By 1980, whatever I had liked about music had all gone over into Oi! and New Romantics — baffling mass-fashions that made no sense — so I tried to make a strategic withdrawal into deeper pop and wrote songs with Kirsty in the old Chrysalis demo-studio as well as RMS Studios in South London. The major labels wisely rejected our weird little ditties, but by then I had developed just enough basic motor function skills to survive a studio session or a live gig. I made ends meet, and in doing so, I built up a network of trusted friends and colleagues, which is what really counts. I fell in and out of bands, with my high point being 1984 when I was simultaneously in the Mekons, Waterboys, Shriekback and world music pioneers 3 Mustaphas 3.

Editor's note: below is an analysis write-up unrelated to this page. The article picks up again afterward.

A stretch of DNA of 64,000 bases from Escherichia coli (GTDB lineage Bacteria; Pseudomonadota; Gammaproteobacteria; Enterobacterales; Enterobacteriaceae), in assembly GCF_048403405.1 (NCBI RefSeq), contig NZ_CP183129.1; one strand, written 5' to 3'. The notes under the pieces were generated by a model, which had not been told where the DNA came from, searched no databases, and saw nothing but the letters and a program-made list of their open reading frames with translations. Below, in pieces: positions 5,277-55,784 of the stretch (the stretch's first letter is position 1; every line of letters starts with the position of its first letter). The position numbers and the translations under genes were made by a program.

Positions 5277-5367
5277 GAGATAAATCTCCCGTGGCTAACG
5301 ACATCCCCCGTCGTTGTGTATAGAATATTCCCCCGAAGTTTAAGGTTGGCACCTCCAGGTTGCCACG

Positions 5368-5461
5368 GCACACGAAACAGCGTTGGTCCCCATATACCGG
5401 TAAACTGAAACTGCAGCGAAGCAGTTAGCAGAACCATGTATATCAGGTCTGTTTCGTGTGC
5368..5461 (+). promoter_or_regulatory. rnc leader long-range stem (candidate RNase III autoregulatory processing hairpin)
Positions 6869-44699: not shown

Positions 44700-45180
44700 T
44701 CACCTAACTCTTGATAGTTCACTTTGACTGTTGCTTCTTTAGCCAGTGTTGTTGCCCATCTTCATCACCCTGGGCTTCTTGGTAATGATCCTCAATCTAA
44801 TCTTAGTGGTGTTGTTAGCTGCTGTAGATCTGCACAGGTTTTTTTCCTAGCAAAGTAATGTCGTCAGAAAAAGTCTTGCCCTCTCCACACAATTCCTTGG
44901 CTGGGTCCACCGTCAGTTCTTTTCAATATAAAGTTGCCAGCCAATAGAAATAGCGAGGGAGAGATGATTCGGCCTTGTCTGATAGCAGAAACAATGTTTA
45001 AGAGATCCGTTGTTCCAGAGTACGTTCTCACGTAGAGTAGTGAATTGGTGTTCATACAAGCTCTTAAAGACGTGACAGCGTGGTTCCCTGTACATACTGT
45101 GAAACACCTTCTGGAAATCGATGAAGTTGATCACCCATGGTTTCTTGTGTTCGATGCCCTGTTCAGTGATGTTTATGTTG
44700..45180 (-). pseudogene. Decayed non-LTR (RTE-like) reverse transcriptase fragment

At the same time, I was wasting weeks of my life getting drunk in pubs with computer techies who were putting out computer games on Sinclair Spectrum and Commodore 64 machines. That was another “exit” and distraction. The head of Ram Jam Corp (Mr. George Stone, also inventor of the Max Headroom series) gave me a piece of paper in the pub one evening saying “Şemsi Yastiman – saz evi, Beşiktaş, Istanbul.” What better a time to ruin a promising pop/rock career by wandering off into the periphery? And I was off…


    And how easy was that, to get away?

    Logistically, it wasn’t that hard; London had Heathrow and plenty of “bucket shops” selling cheap flights to interesting places where a humble £1 would stretch as far as £10 or beyond. So I hopped over to Istanbul with a Berlitz Turkish phrasebook in my pocket, and for a mere £3 a day I had the run of cheap indie B&Bs (called a pansyon) along with other mainly Balkan “shop tour” merchants, pre-Soviet “Natashas” and their associated lowlife pimps as well as all these other travelers from around the world.